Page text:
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Appl Psychophysiol Biofeedback. 2016 Jun;41(2):215-24. doi: 10.1007/s10484-015-9325-6.

Equal Improvement in Men and Women in the Treatment of Urologic Chronic Pelvic Pain Syndrome Using a Multi-modal Protocol with an Internal Myofascial Trigger Point Wand.

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Stanford University School of Medicine, 574 Junipero Serra Blvd, Stanford, CA, 94305, USA.
National Center for Pelvic Pain Research, Sebastopol, CA, USA.
OptiStatim, LLC, Longmeadow, MA, USA.
, Sonoma, CA, USA.


Both men and women require treatment for urologic chronic pelvic pain syndromes (UCPPS), which includes interstitial cystitis/painful bladder syndrome, pelvic floor dysfunction, and chronic prostatitis/chronic pelvic pain syndrome. However, it is unknown if men and women respond differently to a protocol that includes specific physical therapy self-treatment using an internal trigger point wand and training in paradoxical relaxation. We performed a retrospective analysis by gender in a single arm, open label, single center clinical trial designed to evaluate the safety and effectiveness of a protocol for the treatment of UCPPS from October, 2008 to May, 2011. 314 adult men (79.9 %) and 79 (20.1 %) women met inclusion criteria. The median duration of symptoms was 60 months. The protocol required an initial 6-day clinic for training followed by a 6-month self-treatment period. The treatment included self-administered pelvic floor trigger point release with an internal trigger point device for physical therapy along with paradoxical relaxation training. Notable gender differences in prior treatments were observed. Men had a lower median [Interquartile Range] NIH-CPSI score at baseline than women (27 [21, 31] vs. 29 [22, 33], p = 0.04). Using a 1-10 scale with 10 = Most Severe, the median reduction in trigger point sensitivity was 3 units for both men and women after 6 months therapy (p = 0.74). A modified Intention to Treat analysis and a multivariate regression analysis found similar results. We conclude that men and women have similar, significant reductions in trigger point sensitivity with this protocol.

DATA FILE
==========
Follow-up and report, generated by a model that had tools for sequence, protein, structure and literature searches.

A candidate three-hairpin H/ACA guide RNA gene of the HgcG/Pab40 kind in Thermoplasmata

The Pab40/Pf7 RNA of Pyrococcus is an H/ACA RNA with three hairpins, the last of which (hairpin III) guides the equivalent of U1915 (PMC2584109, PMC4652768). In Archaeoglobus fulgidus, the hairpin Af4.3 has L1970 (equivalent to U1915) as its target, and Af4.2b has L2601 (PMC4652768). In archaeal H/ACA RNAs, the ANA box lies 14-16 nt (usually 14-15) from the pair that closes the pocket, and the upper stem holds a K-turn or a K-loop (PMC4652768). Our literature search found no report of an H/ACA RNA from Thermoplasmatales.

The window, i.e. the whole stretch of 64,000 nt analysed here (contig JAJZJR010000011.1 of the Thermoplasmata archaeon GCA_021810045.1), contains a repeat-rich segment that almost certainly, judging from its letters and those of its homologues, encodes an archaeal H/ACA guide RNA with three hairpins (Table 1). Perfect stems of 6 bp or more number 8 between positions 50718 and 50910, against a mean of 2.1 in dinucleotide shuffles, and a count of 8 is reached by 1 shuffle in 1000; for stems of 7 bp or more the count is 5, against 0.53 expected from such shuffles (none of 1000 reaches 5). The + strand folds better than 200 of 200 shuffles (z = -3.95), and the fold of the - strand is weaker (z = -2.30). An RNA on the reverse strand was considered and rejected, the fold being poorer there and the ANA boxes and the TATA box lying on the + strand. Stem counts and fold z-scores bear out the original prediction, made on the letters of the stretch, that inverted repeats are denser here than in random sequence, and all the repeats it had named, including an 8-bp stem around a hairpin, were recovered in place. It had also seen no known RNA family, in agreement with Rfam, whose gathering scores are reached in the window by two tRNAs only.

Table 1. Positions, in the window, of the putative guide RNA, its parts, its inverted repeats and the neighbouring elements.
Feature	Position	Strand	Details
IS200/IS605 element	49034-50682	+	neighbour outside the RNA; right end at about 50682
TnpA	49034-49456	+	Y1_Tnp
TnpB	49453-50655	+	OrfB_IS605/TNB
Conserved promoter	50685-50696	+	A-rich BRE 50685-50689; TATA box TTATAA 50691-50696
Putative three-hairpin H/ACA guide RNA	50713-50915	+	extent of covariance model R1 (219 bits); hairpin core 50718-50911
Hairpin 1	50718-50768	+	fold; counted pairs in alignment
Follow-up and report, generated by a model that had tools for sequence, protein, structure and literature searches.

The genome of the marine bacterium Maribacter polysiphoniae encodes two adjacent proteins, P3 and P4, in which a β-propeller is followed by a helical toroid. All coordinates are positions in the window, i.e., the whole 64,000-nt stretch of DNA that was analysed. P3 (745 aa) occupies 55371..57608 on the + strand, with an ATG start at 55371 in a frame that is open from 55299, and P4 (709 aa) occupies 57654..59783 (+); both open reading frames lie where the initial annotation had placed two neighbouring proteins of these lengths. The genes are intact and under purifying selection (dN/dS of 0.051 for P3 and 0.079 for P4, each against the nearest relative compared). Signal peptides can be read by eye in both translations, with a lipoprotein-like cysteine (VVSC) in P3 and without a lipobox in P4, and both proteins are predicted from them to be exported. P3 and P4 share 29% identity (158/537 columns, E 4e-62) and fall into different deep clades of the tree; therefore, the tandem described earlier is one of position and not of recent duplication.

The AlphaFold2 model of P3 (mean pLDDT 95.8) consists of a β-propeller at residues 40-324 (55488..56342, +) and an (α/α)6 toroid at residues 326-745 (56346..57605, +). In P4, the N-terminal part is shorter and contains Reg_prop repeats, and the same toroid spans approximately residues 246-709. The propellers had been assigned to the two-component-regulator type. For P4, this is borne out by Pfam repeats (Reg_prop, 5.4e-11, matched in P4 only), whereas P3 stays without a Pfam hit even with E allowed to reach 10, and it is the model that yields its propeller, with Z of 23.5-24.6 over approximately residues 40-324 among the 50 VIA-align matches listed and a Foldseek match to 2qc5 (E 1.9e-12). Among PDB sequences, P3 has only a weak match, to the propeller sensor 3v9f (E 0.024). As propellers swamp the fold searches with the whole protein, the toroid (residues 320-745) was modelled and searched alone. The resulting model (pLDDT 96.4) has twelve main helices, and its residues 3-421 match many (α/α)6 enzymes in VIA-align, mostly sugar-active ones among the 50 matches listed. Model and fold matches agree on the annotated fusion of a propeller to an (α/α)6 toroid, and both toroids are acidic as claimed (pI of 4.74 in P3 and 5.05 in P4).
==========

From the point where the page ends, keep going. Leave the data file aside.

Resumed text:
Gender; Myofascial trigger points; Paradoxical relaxation; Pelvic pain; Urologic chronic pelvic pain syndromes

[Indexed for MEDLINE]

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